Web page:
Posted on August 18, 2022
The Great Willowherb (Epilobium hirsutum) that stands tall on the riverbank of the Cerne as it flows past the village is now crowned with fluffy clouds of seeds bursting out of the long pods that follow the pink flowers.
Posted on July 27, 2022
While flying insect pollinators are all a-buzz in the sunlight over the wild marjoram, there are still small quantities of yellow Ladies’ Bedstraw, Toadflax is beginning to open, as well as a few remaining Knapweeds available for nectar gathering. Many of the flowers on taller stemmed plants from a month ago are developing seeds now.
Posted on June 28, 2022
There are various types of wild Mallow. This low growing one amongst the tall grasses, the Ladies’ Bedstraw and budding Wild Marjoram in the Charlton Down Nature Reserve is, I think, Musk-mallow (Malva moschata). There are only one or two plants there tucked well down in the herbage. Let me know if you think it is something different, please..
Posted on May 30, 2022
It is that time of year again, and our splendid Holm Oak, also known as an Evergreen Oak, is in flower by the village hall in Charlton Down. It loses leaves at any time throughout the year, and so it is not unusual for dead leaves to carpet the ground beneath the tree while new leaves and flowers appear in the canopy.
The species was first introduced in the 1500’s from the Eastern Mediterranean. Although it is not adapted as much as our native oaks, it supports plenty of our wildlife. A good tree for surviving hot and dry summers, but not so good at coping with severe frosts and cold. That’s why it mostly grows on the coast and in Southern England.
Maybe we should all be thinking of planting more sun-loving and drought tolerant trees and shrubs around Greenwood House to allow for the fact that weather patterns are changing. I think that future generations would be grateful to inherit plants that withstand the warmer climate and need less intensive management and watering. (There are lots of much smaller options than this magnificent tree).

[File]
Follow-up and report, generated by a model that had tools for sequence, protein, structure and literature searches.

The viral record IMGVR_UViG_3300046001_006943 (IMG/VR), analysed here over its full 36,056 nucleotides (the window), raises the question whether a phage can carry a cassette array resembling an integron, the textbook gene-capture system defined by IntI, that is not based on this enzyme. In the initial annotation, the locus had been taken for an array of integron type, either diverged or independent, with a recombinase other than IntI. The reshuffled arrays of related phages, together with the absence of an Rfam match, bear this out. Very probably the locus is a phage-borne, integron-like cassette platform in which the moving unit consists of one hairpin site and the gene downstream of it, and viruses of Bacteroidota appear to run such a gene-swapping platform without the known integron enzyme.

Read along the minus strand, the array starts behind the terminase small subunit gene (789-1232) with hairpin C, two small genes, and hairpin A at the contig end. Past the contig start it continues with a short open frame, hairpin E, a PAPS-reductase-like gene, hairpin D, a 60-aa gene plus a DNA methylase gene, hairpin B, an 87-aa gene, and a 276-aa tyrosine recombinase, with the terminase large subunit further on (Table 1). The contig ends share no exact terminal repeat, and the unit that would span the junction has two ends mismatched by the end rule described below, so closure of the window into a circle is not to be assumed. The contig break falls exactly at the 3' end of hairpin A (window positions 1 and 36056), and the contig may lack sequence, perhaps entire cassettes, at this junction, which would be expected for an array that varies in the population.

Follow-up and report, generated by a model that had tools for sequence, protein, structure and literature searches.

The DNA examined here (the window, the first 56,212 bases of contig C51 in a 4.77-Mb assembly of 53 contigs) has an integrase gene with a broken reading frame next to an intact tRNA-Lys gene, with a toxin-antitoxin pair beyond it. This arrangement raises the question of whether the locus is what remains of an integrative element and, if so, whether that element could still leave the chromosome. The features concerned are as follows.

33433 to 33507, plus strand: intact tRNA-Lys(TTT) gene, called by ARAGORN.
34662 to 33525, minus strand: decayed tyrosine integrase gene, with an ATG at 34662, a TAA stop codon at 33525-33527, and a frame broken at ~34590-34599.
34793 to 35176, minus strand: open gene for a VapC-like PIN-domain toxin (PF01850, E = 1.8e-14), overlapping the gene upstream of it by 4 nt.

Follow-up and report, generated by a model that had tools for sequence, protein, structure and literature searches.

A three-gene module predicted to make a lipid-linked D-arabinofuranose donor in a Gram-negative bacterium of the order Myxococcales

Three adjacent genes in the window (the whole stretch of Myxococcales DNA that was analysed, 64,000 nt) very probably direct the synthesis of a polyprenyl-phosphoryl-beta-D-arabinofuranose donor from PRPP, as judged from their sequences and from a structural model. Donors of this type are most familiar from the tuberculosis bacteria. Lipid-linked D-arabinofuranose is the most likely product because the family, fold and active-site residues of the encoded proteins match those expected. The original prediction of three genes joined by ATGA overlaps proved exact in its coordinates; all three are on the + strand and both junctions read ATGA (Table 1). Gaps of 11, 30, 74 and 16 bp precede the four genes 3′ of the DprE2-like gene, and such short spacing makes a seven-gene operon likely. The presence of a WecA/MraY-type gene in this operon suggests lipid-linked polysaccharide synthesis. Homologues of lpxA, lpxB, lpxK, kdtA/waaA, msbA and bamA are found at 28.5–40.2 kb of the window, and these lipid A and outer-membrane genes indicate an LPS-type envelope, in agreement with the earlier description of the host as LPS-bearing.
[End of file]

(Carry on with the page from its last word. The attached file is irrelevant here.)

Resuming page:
Posted on May 29, 2022
The Bladder Campion flowers are doing very well this year in the hedgerow close to the allotments.
Posted on May 16, 2022
Images from a walk around my Dorset village this late Spring (7th May). Sycamore, field maple, copper beech, ash, oak and chestnut were in flower. Shrubbier plants like hawthorn, holly, wayfarer, and guelder rose were blossoming in hedgerows. Dandelions gone to seed already, with daisies, self heal, blue speedwell, red clover, and chickweed flourishing where the lawns have not been cut for “no mow May”. Bog bean flowers surviving in the muddy margins of our fast-shrinking pond. And the white froth of cow parsley in great abundance everywhere.
Posted on September 20, 2021
One of the most abundant sources of nectar and pollen at the moment – when most of our common wild flowering plants are already producing seeds, berries, and nuts – ivy is in full flower attracting clouds of bees, hover flies, and other winged pollinators.
Posted on September 3, 2021
Thistle flowers going to seed, Hawthorn berries, and Blackberries in the hedgerows, and flowering Stinging Nettles in the fields, on the first official day of Autumn in Charlton Down.
Posted on August 26, 2021
This flower I am not a hundred percent certain about the identification but I think it is Nipplewort (Lapsana communis). It certainly is a common yellow flowered plant and is not confined to this particular habitat in the strip of arable weeds that I have been investigating. There are so many similar yellow flowered plants that I am never absolutely certain what they are. Anyway, this is my best attempt. If you know better, please do let me know.
You can click on an image to enlarge it and view in a gallery.
Posted on August 23, 2021
White Campion (Silene latifolia) occurs all over the place around Charlton Down and is more commonly found in hedgerows and verges, but there were a few among the Common Poppies and wealth of other types of arable weeds in the uncultivated border of a maize field. The white flowers stood out among the greens, reds, yellows and blues 0f other native wild plants with which they are intertwined.